“You’re misinterpreting me,” said Trey. “We have no vested interests in the results, beyond ensuring what we produce is accurate, and reflects the sensitivities of the consumers of our information.”
“Who are your customers”? I asked.
Trey tapped on his tablet. An enormous list of names began to scroll down the screen. “There are a lot, aren’t there”?
“Too many,” said Art. “Do they all get the same information”?
Trey nodded. “There are three variations; one with mostly numbers for the workers, one with a mix of numbers and charts for the managers, and one that is all pictures for the senior leaders. The content is pretty much the same. It’s all in the presentation.”
Art scribbled more notes. “What about the frequency? Does that stay the same”? asked Art.
“Look, I know where you are going with this. We know that the reports should be crafted for specific audiences, the frequency should match the natural periodic cycle of the underlying processes, and we should cull the distribution lists on a regular basis. Those are some of the first things I had my team do when I got here.”
Trey swiped his tablet clear and leaned across his desk. In a much quieter and subdued voice, he said, “I even had my team put some dummy information in there, to see if anyone was reading them. I went so far as to include the phrase, ‘If you do not call and confirm your desire to continue to receive this report, you will be dropped from further distributions,’ in the middle of the analysis of one KPI.”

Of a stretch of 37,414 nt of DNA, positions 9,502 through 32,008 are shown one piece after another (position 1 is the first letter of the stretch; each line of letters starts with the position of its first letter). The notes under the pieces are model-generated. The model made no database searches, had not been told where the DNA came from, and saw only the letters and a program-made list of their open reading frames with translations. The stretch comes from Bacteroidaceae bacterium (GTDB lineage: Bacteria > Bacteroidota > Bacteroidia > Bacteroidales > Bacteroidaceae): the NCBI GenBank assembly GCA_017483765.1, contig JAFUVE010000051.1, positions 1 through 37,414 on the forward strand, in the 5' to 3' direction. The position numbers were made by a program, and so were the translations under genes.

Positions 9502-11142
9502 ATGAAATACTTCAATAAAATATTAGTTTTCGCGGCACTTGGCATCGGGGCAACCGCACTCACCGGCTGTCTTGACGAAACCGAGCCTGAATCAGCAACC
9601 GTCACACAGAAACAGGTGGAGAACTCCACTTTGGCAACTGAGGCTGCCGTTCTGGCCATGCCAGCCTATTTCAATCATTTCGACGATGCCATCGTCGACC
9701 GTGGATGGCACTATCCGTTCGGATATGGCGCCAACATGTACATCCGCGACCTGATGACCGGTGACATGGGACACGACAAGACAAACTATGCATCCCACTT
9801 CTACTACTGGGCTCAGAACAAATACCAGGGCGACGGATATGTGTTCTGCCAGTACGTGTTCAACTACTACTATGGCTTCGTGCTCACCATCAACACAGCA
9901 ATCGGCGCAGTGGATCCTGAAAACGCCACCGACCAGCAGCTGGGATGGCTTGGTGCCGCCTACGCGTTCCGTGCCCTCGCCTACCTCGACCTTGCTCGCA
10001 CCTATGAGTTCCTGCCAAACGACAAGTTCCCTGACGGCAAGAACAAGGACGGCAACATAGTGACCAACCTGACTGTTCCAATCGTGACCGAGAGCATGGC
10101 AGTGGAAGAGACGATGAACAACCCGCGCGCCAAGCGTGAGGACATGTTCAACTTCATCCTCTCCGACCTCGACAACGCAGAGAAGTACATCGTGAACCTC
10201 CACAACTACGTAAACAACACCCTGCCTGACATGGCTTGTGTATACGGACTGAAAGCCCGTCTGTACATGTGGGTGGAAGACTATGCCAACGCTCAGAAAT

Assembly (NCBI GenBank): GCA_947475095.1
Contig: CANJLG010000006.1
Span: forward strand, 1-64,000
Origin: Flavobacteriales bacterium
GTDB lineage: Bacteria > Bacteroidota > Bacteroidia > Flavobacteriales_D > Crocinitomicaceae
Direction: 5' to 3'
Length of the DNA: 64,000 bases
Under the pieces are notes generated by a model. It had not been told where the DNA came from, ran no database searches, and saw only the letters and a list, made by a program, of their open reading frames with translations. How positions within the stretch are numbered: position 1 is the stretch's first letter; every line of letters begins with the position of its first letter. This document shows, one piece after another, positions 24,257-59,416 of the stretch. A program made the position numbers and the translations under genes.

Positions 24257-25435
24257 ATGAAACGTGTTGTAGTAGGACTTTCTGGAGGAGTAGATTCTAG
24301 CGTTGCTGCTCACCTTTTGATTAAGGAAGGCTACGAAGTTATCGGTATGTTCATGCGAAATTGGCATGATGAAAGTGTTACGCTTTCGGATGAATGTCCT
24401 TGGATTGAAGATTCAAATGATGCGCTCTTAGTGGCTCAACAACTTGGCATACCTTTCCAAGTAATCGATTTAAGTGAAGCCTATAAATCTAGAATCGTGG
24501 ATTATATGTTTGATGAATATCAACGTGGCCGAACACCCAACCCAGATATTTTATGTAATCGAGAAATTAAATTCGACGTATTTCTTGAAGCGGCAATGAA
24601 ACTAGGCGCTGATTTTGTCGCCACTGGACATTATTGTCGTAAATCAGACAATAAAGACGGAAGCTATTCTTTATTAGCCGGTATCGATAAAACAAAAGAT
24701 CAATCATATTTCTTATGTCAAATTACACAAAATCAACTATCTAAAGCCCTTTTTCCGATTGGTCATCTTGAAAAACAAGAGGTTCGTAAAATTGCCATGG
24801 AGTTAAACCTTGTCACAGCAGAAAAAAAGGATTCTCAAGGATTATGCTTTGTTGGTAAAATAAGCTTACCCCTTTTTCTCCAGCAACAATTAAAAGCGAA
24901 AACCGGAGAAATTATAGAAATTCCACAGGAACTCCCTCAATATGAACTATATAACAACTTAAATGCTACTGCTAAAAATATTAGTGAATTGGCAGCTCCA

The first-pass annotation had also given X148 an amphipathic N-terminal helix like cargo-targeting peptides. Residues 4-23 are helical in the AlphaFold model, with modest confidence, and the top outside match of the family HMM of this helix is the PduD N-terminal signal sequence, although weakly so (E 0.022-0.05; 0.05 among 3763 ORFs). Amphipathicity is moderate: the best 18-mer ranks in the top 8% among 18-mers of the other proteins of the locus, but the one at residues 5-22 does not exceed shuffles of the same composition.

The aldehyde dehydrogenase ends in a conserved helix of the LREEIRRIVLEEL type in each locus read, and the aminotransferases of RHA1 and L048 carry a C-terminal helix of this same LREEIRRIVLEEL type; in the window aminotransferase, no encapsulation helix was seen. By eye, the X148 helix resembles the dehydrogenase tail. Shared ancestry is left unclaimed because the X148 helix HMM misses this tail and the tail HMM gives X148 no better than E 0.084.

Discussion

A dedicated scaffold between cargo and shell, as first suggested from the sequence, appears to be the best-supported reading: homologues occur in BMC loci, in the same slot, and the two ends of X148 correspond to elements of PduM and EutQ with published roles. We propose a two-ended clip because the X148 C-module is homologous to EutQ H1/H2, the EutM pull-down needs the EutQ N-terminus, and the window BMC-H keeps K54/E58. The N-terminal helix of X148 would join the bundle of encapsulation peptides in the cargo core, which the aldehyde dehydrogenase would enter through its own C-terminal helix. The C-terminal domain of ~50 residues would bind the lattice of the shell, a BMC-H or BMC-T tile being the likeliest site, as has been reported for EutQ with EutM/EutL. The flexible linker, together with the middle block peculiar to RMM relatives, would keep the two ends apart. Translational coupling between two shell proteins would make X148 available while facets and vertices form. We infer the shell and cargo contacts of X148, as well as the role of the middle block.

Art held his hand up and said, “Wait, let me guess. You got no responses, right”?
Trey nodded. “So I called them on it. I dropped one in every 10names from the distribution list the following cycle. I even dropped 10of the KPIs in the report.”
“Did you get a response”? I asked.
“Response,” said Trey. “I nearly got fired before I finished my first month here. The only people who didn’t scream were those that were no longer here. At least I was allowed to drop them. Apparently, people want to get the report whether they read it or not. If they don’t get it, they assume they are out of the loop on other important things too.”